The invention of the CT scanner in 1971 was an unalloyed good for the human race.
It transformed medical imaging. It improved treatment for millions of patients. It won a Nobel Prize and a knighthood for Godfrey Hounsfield, its inventor.
But one group got little benefit from this wondrous invention: the shareholders of EMI, the company which funded its development.
EMI seemingly did everything right. It had a world-class R&D team. It invested in software to make the system run, in partnerships with hospitals, and in building a specialist sales force. It was generously supported by the British government.
But to no avail. In a matter of years, rivals from the US and Germany had learnt how to make their CT scanners, and outcompeted EMI. By the late 1970s, the huge global market was dominated by Siemens and GE.
EMI’s failure to profit from its investment holds an important lesson for the modern economy. The kinds of investments that EMI made to bring the CT scanners to market – R&D, marketing, software development, and building new businesses – are what economists call “intangible”.
Unlike standard fixed assets like factories, machines or computers, you cannot touch or feel them. But they are valuable nonetheless.
Importantly, these assets are becoming much more common. Researchers Baruch Lev and Feng Gu of New York University showed that only 25 per cent of the variation in market capitalisation of public companies that listed since 2000 can be explained by fixed assets on their balance sheet. For companies listing 50 years ago, the figure was between 70 and 80 per cent. Intangible assets make up much of this gap.
This trend looks set to continue as the economy becomes more knowledge-intensive.
This creates a growing problem for the economy as a whole. As EMI’s shareholders found, the problem with intangible investments is that your competitors might reap the rewards.
These spillover effects have proved off-putting to equity investors. Unwilling to take a risk on intangible investment that may not pay off, shareholders have often favoured the bird in the hand and rewarded companies that give cash back to shareholders rather than investing it in R&D or new products.
Indeed, research by Alex Edmans of the London Business School showed that chief executives whose stock options are due to vest imminently cut R&D in the hope of a short-term bump in their stock price, and that valuable intangibles like organisational capital are often not priced into stock valuations.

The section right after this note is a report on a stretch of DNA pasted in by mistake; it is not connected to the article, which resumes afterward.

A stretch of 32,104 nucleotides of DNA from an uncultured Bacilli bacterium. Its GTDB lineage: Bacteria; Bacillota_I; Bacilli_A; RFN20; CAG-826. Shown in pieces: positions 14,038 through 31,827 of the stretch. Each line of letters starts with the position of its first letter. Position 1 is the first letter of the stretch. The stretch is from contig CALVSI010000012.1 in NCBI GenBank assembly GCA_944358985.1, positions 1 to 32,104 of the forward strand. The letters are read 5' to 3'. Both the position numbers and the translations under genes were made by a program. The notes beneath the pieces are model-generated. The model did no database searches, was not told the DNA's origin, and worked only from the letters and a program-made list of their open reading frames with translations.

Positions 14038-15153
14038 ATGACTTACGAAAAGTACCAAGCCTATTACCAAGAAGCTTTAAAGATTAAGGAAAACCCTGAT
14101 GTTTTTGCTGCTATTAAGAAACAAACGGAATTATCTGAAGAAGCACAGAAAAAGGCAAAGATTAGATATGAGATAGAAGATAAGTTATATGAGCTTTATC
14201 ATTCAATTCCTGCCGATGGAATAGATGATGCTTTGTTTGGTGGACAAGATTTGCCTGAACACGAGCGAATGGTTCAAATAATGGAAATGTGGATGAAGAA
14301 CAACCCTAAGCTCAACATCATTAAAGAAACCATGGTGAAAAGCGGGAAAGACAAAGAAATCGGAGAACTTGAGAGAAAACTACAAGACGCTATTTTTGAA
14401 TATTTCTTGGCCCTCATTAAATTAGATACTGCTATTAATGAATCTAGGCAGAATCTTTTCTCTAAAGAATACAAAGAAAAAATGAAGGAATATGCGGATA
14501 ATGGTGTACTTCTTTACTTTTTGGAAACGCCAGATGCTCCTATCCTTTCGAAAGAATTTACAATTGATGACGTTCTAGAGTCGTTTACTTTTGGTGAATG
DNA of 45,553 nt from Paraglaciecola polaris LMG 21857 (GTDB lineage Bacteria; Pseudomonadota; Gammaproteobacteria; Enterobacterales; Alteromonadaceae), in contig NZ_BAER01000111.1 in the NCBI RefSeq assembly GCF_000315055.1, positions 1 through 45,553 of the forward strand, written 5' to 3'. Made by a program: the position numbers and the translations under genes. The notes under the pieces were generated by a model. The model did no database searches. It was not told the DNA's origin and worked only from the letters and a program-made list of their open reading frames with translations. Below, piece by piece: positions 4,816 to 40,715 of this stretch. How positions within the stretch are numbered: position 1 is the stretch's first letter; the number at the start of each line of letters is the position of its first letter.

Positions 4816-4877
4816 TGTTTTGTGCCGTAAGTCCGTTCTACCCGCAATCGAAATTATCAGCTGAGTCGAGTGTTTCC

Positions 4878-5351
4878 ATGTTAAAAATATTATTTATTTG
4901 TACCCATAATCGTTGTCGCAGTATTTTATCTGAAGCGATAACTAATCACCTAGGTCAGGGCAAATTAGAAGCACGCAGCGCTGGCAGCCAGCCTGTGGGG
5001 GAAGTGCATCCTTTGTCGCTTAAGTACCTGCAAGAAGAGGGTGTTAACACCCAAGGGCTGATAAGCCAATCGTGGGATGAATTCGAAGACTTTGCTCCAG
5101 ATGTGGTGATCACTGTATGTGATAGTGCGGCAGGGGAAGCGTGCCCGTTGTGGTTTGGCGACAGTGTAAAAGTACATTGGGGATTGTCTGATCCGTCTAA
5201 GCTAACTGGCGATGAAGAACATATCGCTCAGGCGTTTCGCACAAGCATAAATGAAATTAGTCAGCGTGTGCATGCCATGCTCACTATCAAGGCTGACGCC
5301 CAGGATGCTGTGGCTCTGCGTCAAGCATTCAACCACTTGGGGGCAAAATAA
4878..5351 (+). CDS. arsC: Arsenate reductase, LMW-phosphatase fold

Debt investors have their own reasons to be wary of intangibles. If a business fails, its tangible assets – like buildings or plant – can often be sold. Brands, proprietary processes, and ideas are usually much harder to sell off.
If equity markets and debt providers are both wary of intangibles, and if intangibles represent a growing proportion of the investment that business make, that presents a problem for the economy as a whole. We’d expect to see an investment shortfall, and low productivity growth. And indeed, this is in broad terms what seems to be happening in many rich countries today.
But there are important opportunities amid this crisis. Businesses which are good at learning from their competitors – so-called “fast followers” or “open innovators” – will find more opportunities in an intangible economy.
Governments that invest in risky intangibles like research and creative content can encourage private investment, especially if they can build strong links to businesses.
Private investors, like venture capitalists, who can take a long view and scrutinise the growth potential of intangible investments more carefully can also prosper, though as private investment grows it brings with it concerns over governance and liquidity.
And there is a role for accountants to play, by providing better valuations of intangible assets.
Above all, though, there is an opportunity for investors who can out-analyse their competition.
Careful analysis can tell the difference between intangible investments that will secure a return for the firms that make them, and ones that won’t. But this requires the kind of detailed scrutiny of management and industry knowledge that not all analysts can muster.
One sign of this is that companies with more concentrated shareholdings, whose shareholders have more time to analyse their plans, seem to get more credit for their intangible investments than more widely held firms.
This suggests that, in an intangible economy, there’s more value out there for informed stock-pickers. If we want the economy to prosper, we should encourage them.